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Rounaq Basu rounaq[at]mit.edu
MIT DUSP, Master of City Planning 2019
MIT CEE, MS in Transportation 2019
IIT Bombay, BTech in Civil Engineering 2016
Rounaq is a PhD candidate in the MIT Department of Urban Studies and Planning. His research interests include land use-transport interactions, relationships between mobility and life outcomes, and urban long-term decision-making under uncertainty. He is particularly interested in the impact of emerging and new forms of urban mobility on travel behavior and metropolitan growth. He has previously consulted for the World Bank on public transit accessibility and integration with on-demand mobility in Latin American cities. At CFL, Rounaq is researching the synergies between pedestrian flows and the built environment.
Rubén G. Morgan rumorgan[at]mit.edu
MIT DUSP, Master of City Planning, 2021
MIT, Master of Science in Transportation, 2021
The Ohio State University, B.S. Civil Engineering, 2018
Rubén has broad research interests in transit fare policy and customer behavior. His research has identified rider behaviors through unsupervised learning approaches, estimated the risks and benefits to a transit agency of implementing a new fare product, conducted a marketing experiment on mobile ticket users, analyzed walking and biking catchments from commuter rail stations, and is currently analyzing commuter rail and corporate program ridership responses due to covid-19.
Anne Hudson awhudson[at]mit.edu
MIT DUSP, Master of City Planning 2020
MIT CEE, MS in Transportation 2020
Hamilton College, BA in German Literature, 2012
Annie’s research focuses on preparing cities for next-generation transportation technologies. Prior to her time at MIT, she worked as an energy policy analyst at the Center for Strategic and International Studies in Washington DC and as a policy consultant for urban mobility clients ranging from Zipcar to Zagster. AT CFL, Annie is researching how behavior and flows of people are changing during COVID-19.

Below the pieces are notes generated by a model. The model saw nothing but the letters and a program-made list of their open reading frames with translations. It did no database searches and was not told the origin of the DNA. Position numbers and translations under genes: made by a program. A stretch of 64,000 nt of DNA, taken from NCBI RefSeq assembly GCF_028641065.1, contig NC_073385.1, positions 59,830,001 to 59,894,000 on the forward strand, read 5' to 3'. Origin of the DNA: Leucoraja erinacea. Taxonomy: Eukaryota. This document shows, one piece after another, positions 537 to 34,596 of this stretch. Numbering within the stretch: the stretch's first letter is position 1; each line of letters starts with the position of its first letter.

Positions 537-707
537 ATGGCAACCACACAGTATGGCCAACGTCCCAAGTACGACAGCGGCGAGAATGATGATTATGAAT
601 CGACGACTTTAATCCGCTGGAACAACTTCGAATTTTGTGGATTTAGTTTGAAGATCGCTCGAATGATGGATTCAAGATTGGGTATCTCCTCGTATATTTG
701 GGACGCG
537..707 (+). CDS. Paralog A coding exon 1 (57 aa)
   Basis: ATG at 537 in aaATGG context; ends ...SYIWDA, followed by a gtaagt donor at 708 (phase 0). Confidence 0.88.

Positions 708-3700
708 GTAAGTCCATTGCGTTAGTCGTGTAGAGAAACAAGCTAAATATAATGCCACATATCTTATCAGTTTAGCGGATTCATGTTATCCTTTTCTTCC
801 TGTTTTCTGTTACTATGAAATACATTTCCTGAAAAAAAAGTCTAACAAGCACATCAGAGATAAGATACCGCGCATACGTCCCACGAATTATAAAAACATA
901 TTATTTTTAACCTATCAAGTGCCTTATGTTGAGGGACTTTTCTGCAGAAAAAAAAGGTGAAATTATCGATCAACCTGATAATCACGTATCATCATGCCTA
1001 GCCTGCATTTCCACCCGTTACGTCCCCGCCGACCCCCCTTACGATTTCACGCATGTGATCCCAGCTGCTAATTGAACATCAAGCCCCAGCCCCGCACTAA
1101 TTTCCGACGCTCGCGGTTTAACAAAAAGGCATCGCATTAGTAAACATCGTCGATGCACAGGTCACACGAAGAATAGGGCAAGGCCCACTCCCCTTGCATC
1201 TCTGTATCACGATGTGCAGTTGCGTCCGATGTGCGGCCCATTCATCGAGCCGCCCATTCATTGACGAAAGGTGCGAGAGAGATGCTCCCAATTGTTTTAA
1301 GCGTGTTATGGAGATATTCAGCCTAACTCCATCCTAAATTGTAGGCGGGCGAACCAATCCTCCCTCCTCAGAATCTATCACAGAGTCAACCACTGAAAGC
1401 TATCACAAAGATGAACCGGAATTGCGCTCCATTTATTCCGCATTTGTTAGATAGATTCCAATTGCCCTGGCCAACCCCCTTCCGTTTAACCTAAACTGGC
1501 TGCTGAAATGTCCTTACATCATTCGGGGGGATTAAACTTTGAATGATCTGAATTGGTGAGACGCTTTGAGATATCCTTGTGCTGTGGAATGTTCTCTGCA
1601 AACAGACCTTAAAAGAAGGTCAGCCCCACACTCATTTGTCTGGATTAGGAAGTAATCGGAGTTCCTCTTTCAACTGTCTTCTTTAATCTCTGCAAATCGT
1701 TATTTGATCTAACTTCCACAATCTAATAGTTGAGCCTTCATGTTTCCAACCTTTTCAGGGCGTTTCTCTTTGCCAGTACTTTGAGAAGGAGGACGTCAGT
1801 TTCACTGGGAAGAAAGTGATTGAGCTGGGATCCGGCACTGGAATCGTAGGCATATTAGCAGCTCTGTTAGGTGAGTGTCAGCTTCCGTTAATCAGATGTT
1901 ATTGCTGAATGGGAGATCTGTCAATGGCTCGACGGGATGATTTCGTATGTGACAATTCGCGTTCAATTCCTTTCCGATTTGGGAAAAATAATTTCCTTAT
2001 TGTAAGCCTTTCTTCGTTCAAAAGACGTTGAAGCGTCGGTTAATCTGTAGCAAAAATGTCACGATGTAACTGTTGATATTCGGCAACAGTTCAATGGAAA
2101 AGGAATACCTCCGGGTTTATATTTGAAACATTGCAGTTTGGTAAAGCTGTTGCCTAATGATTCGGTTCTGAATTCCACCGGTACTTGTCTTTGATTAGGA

Bahij Chancey bahij[at]mit.edu
MIT DUSP, Master of City Planning 2021
Yale University, BFA Architecture, 2013
Bahij is an advocate for sustainable, walkable, and bikeable cities, and hails from New York City. Prior to MIT, Bahij worked in architecture, city government, and nonprofit development at Green City Force, which operates a green job training program for public housing residents. At CFL, Bahij is researching pedestrian flow models and determinants in urban environments.
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Kloe Ng kloe[at]mit.edu
New York University 2019, Applied Urban Science and Informatics. National University of Singapore 2015, Urban Planning.
Kloe’s research interest and focus lies in the nexus between urban planning, spatial data science and urban data analytics. Prior to joining the CFL, she was working for a Singapore-based urban consultancy delivering master planning projects all over the world from Philippines to Brazil.
Prathito Wisambodhi prathito[at]mit.edu
MIT DUSP, Master of City Planning, 2021
Bandung Institute of Technology, BA Architecture, 2014.
Thito is interested in research applying data science to the interaction between the informal economy and the built environment. Before coming to MIT, Thito worked in an urban consultancy firm in Singapore delivering urban design and master planning projects for private and government clients in the Asia Pacific and the Middle East.
Andres Sevtsuk, PhD asevtsuk[at]mit.edu